11 Dec Style Guides: Belgian Modern

When looking at interior design styles, it can sometimes be difficult to trace an origin; a style like French Country has been around, ostensibly, since centuries ago, updated over time, and a Bohemian style is by its nature untraceable and eclectic. Not so with the Belgian Modern style; it was largely pioneered by Axel Vervoordt in the 70s and 80s, while drawing from Flemish and Dutch styles from the 17th century. Belgian Modern is an incredible style, both luxurious and simplistic, spacious without feeling empty.

This style is incredibly natural looking; as a result, natural light is an absolute must. Large windows that can let the light in add a lot to Belgian decor; barring this, opting to use lighting that seems more natural (avoid bright white fluorescents) can help establish the style.

All of that natural light is needed because of the Belgian colour palette; warm neutrals are the name of the game, here. Natural woods and stones are the hallmark of this style; wood should be left almost completely untreated, and the creams, beiges and warm greys of these natural materials should be left to shine through. That’s why natural light is so important; sunlight brings out the yellows and reds in the materials, making the rooms seem cheery and welcoming without the need for bright colored paints.

Oversized furniture is another key element of Belgian design; large furniture makes the room seem full and inviting without making it look cluttered. You walk into a room, sun shining through the windows, and you see a large, cream colored couch around a beautiful oak table – there’s no question, you’re going to sit down and enjoy great hospitality.

Natural elements are another key to this style; that’s no surprise, given the natural wood, stone and light we’ve already incorporated. Greenery and flowers are absolutely essential to this style, because they add a bright accent without overwhelming the overall aesthetic; homes also seem more welcoming when there’s life growing within them.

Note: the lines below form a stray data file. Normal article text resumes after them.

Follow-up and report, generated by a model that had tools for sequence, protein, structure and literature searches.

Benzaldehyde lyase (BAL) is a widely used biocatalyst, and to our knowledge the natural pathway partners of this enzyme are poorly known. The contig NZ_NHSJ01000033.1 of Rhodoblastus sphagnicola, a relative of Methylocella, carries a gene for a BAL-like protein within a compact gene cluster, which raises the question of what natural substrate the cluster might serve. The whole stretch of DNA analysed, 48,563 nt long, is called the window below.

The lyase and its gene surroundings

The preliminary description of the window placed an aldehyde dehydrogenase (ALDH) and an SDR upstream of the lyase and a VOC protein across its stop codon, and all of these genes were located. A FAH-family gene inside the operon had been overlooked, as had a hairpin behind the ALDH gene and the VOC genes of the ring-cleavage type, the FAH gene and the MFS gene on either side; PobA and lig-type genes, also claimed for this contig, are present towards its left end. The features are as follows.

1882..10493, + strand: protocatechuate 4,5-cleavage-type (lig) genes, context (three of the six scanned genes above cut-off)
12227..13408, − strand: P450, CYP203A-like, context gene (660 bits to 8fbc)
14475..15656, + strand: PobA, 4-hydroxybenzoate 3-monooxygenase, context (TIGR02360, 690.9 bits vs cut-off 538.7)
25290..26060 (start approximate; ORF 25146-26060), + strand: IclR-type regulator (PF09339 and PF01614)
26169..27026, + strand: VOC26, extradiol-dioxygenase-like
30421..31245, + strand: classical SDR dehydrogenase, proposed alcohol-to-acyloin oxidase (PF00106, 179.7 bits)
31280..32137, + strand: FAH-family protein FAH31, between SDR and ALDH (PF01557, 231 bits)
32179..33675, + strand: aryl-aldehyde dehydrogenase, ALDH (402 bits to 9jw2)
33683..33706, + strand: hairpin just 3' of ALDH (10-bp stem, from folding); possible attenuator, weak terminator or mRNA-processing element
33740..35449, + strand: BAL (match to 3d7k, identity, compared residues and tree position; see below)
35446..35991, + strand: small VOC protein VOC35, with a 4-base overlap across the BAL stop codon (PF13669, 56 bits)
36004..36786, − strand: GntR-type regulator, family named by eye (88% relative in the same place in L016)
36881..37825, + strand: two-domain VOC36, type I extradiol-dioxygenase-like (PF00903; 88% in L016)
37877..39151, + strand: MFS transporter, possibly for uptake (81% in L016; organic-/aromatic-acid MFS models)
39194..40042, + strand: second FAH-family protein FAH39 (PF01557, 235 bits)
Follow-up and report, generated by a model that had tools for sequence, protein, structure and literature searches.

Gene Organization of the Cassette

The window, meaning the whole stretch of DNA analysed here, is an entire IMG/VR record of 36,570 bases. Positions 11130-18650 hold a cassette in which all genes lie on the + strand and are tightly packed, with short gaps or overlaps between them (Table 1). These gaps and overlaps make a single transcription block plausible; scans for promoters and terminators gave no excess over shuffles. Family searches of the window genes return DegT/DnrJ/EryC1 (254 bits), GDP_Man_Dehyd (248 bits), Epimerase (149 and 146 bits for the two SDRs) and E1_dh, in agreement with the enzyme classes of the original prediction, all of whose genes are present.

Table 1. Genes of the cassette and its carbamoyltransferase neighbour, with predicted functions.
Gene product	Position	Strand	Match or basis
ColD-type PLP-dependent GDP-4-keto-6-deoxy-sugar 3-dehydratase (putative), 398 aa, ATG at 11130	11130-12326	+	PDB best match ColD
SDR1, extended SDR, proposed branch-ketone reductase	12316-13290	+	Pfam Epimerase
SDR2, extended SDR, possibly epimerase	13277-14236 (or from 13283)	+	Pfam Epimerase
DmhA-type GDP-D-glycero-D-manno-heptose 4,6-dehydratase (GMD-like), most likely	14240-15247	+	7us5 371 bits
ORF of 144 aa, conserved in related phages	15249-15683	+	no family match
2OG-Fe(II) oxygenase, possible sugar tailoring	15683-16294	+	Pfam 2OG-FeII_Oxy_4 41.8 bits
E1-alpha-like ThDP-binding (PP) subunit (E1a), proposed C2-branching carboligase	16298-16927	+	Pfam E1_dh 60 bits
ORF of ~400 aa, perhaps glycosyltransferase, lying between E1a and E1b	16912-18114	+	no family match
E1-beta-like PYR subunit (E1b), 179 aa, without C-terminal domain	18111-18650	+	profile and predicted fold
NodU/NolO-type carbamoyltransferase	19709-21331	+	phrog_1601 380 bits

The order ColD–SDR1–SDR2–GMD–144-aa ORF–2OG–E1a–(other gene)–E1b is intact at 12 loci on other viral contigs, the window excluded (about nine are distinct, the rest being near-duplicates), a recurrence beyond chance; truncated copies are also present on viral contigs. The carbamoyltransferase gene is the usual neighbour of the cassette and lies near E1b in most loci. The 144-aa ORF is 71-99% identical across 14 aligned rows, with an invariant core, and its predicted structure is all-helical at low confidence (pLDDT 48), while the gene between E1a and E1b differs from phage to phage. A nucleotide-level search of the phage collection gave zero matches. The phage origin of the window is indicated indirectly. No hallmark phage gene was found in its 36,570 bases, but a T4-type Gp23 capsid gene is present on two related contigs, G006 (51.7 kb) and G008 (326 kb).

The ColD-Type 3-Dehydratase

This style is all about comfort and simplicity; it manages to be elegant and cozy at the same time. Patina on wooden and metal surfaces is one of the way the style manages to balance the two. Patina is the change you’ll see on a surface after years of wear and polishing; it makes an object look well used while also adding depth to its overall look, exactly what we’re trying to accomplish – well-worn, but subtly complex. While some items have patina added intentionally, in a process known as distressing, the best way of filling out your Belgian style home is by adding actual antique pieces.

When you’re looking for countertops in a Belgian style, there’s a variety of options that might work for you. Butcher block style wood countertops certainly suit the aesthetic well, though they can be a bit of a fuss to care for. If you’re looking for a more hassle-free countertop, Cambria quartz countertops come in a variety of styles; opt for a countertop that looks like hewn stone without too much patterning. Something in a warm grey, leaning almost to cream is going to do perfectly.

No Comments

Sorry, the comment form is closed at this time.